International Clinical Observerships
Paul S. García, MD, PhD
Chair of Diversity and Inclusion Committee
Associate Professor, Department of Anesthesiology, Columbia University
Chief, Neuroanesthesia Division, Columbia University Medical Center
New York Presbyterian Hospital – Irving
Paul S. García, MD, PhD
The Diversity and Inclusion (D&I) Committee recognizes the importance of including all types of diversity for the betterment of the entire SNACC community. Recently, the Neuroanesthesia Division at Columbia University Medical Center hosted a visitor for a one-month clinical observership. The following report is a first-hand account of the clinical guest, Dr. Sérgio Vide from Porto, Portugal. While visiting the United States, Dr. Vide also attended the SNACC Annual Meeting in Phoenix, Arizona. The D&I Committee is working on collecting information about these clinical exchanges (national/international, trainees/faculty) and looks forward to connecting with you to hear your story or answer your questions about these experiences.
Sérgio Vide, MD, PhD
Universidade do Porto
|Sérgio Vide, MD, PhD|
As a fifth-year anesthesiology resident from Portugal, I had the fantastic opportunity of spending the month of September in the New York Presbyterian/Columbia University Medical Center for an observership in neurocritical care and clinical neurosciences organized by Dr. Paul García. What could seem a relatively short period for all the objectives I envisioned, ended up being an incredible comprehensive experience. I was able not only to participate in the clinical activities of the Neurocritical Care Unit, but also to observe many neurosurgeries and procedures outside of the operating room, such as interventional neuroradiology and electroconvulsive therapy. The amount of clinical knowledge acquired during this period was only surpassed by the scientific and research expertise I could grasp from following Dr. García’s academic work both in the laboratory and in the operating room. In particular, what I learned from the translational research on delirium, sleep and electroencephalography has changed my approach to general anesthesia, and now I have started to actively target specific EEG patterns during the maintenance phase and also to take much more interest in the emergence phase of anesthesia.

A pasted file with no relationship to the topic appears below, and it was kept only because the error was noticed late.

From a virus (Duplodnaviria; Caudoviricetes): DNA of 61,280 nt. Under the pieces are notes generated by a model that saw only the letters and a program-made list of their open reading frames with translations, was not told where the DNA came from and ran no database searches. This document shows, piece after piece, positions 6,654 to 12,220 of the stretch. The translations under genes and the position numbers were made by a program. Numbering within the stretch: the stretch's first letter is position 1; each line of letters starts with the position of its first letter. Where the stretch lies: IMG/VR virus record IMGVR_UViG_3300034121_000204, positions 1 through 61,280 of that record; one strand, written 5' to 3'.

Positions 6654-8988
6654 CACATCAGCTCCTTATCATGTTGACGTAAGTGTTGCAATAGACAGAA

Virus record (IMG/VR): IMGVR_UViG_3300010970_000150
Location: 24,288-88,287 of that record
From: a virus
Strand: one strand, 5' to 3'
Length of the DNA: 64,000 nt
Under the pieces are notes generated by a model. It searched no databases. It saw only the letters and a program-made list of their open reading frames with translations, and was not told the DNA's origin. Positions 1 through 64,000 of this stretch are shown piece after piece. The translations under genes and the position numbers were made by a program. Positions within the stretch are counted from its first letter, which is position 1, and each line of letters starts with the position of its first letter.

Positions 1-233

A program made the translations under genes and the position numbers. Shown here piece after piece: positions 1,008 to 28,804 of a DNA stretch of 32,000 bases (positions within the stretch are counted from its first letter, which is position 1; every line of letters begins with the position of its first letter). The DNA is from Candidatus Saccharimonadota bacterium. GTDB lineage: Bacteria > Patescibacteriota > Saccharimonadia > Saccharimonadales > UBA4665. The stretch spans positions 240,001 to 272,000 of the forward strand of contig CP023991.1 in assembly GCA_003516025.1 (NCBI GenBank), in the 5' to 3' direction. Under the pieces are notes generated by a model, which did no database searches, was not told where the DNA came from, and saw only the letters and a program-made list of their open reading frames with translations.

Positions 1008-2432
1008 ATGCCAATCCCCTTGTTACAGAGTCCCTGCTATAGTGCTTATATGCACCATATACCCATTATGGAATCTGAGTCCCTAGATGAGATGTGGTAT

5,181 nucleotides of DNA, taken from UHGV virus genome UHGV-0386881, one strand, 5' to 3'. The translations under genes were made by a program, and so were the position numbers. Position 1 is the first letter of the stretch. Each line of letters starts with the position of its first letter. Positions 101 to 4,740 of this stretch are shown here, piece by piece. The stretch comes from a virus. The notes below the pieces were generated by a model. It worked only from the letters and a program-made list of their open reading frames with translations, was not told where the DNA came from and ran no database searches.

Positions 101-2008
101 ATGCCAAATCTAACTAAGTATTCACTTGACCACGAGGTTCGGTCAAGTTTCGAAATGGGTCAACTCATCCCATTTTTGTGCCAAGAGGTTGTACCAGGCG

I consider international exchanges to constitute a fundamental experience, not only from a clinical perspective, but also from a personal one. During this period, besides learning new approaches to old problems and acquiring different perspectives about routine situations, I was also able to get to know a different work and social culture. I was incredibly welcomed by everyone and had the fortune of meeting outstanding people with whom I established bonds I hope will endure. Furthermore, being able to observe the daily life of different clinicians and researchers in a top hospital and university contributed a lot of motivation to pursuing and exceling in my different goals, both in neuroscience and anesthesiology.This experience definitely influenced me in numerous ways and was a starting point for several projects and partnerships. I wish more people could benefit from this type of opportunity that contributes ultimately to improved patient care, but also brings the anesthesiology and neuroscience communities together through more partnerships and collaborations.